Physicists say they’ve found evidence in data from Europe’s Large Hadron Collider for three never-before-seen combinations of quarks, just as the world’s largest particle destroyer begins another round of high-energy experiments.
The three exotic types of particles—including two combinations of four quarks known as tetraquarks, plus a unit of five quarks called pentaquarks—are fully consistent with the Standard modelthe decades-old theory describing the structure of atoms.
In contrast, scientists hope the LHC’s current run will provide evidence of physics beyond the Standard model to explain the nature of mysterious phenomena, such as: dark matter† Such evidence could point to: new series of subatomic particlesor even extra dimensions in our universe†
The LHC was shut down for three years to upgrade its systems to handle unprecedented levels of energy. That shutdown ended in Apriland since then, scientists and engineers at the CERN research center on the Franco-Swiss border have been gearing up for the resumption of today’s scientific operations.
CERN’s control center was in turmoil as the LHC embarked on its third set of data collection and analysis.
“It’s a magical moment now,” said CERN Director General Fabiola Gianotti during… today’s webcast† “We’ve just had collisions with an unprecedented energy, 13.6 tera-electron volts, and this opens up a new era of exploration at CERN.”
Gianotti said the LHC scientists expect to collect as much data as they have collected during this third run over the course of 13 years during the collider’s previous two runs. “This will, of course, increase our ability to discover or understand the fundamental laws of the universe,” she said.
The 27-kilometer-round (17-mile-round) ring of superconducting magnets and its particle detectors are expected to operate 24 hours a day for nearly four years during Run 3.
The start of today’s run comes 10 years and a day after LHC physicists announced their biggest discovery yet: evidence for the existence of the Higgs bosona subatomic particle that helps explain the phenomenon of mass.
The three new types of subatomic particles, described today during a CERN seminar, aren’t exactly Higgs-level revelations. But they do suggest that the LHC is on its way to discovering even more previously invisible building blocks of the Universe.
The Large Hadron Collider crushes protons at speeds close to the speed of light to study combinations of quarks known as hadrons†
“The more analyzes we do, the more species of exotic hadrons we find,” said Niels Tuning, physics coordinator for the collider’s LHCb detector, said in a press release†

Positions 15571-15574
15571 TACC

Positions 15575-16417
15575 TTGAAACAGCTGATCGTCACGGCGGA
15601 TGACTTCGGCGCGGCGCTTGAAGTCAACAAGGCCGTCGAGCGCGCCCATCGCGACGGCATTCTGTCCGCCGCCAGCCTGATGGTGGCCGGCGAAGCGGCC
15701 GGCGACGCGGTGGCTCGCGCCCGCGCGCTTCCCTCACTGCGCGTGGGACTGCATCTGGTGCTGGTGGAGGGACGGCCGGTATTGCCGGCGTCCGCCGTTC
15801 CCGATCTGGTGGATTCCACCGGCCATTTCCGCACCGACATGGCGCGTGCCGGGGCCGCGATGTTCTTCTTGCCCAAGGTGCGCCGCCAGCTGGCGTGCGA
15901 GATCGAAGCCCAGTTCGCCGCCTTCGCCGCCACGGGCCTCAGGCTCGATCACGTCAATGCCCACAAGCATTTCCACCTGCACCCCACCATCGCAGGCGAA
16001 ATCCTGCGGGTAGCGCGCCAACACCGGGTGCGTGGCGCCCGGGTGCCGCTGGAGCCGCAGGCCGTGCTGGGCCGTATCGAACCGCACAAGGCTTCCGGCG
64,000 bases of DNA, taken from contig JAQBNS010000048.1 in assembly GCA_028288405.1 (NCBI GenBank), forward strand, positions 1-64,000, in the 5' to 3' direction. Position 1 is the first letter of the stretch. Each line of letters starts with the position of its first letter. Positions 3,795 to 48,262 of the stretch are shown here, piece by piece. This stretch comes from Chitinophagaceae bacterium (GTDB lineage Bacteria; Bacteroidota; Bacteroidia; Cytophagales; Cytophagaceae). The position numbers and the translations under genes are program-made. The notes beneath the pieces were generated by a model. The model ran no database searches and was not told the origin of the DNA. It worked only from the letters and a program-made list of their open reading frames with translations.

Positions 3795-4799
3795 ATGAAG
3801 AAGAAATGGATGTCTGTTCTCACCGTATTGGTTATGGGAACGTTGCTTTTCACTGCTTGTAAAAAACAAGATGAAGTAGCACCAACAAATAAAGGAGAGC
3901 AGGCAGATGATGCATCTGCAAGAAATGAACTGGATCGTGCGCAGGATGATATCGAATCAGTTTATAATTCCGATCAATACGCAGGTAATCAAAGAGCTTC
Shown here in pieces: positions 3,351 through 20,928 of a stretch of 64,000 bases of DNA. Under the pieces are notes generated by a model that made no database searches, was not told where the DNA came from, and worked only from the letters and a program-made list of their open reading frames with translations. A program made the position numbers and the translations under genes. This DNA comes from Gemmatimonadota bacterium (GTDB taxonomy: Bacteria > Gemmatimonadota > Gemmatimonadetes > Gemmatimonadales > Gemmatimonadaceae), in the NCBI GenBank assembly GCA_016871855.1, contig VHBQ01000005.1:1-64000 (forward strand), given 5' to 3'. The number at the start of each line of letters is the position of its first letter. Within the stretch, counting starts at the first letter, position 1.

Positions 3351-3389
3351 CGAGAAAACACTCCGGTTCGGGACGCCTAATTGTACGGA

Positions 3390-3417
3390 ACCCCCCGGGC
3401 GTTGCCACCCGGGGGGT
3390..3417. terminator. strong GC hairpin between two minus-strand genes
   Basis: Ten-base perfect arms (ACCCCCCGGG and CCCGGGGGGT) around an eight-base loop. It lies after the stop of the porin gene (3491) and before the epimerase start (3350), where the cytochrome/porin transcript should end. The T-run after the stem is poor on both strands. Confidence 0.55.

“We are witnessing a period of discovery similar to the 1950s when a ‘Particle Zoo’ of hadrons was discovered and eventually led to the quark model of conventional hadrons in the 1960s. We are creating ‘Particle Zoo 2.0’.”
LHCb spokesman Chris Parkes said studying new combinations of quarks “will help theorists develop a unified model of exotic hadrons, the exact nature of which is largely unknown.”
Most hadrons are not that exotic. For example, protons and neutrons are made up of three quarks bonded together. (In reality, the origin of the word “quark” goes back to a line of Finnegan’s Wake by James Joyce: “Three quarks for Muster Mark!”) Pawns are combinations of two quarks.
Combinations of four quarks and five quarks are much rarer, and are thought to be exist for just a moment before it decays into different kinds of particles.
Quarks come in six different “flavors”: up and down, up and down, charming and strange.
The LHCb team analyzed the decay of negatively charged B mesons and saw evidence for the existence of a pentaquark consisting of a charm quark and a charm antiquark, plus an up, down and strange quark. It is the first pentaquark known to contain a strange quark.
The two newly identified tetraquarks comprise a “doubly electrically charged” combination of four quarks: a charm quark, a strange antiquark, an up quark and a down antiquark.
That tetraquark was spotted paired with its neutral counterpart, which has a charm quark, a strange antiquark, an up antiquark, and a down quark. CERN says this is the first time a pair of tetraquarks have been observed together.
Some theoretical models visualize exotic hadrons as discrete units of tightly bound quarks. Others see them as pairs of standard hadrons loosely bonded together, similar to the way atoms are bonded together to form molecules.
“Only time and more studies of exotic hadrons will tell if these particles are one, the other, or both,” CERN says.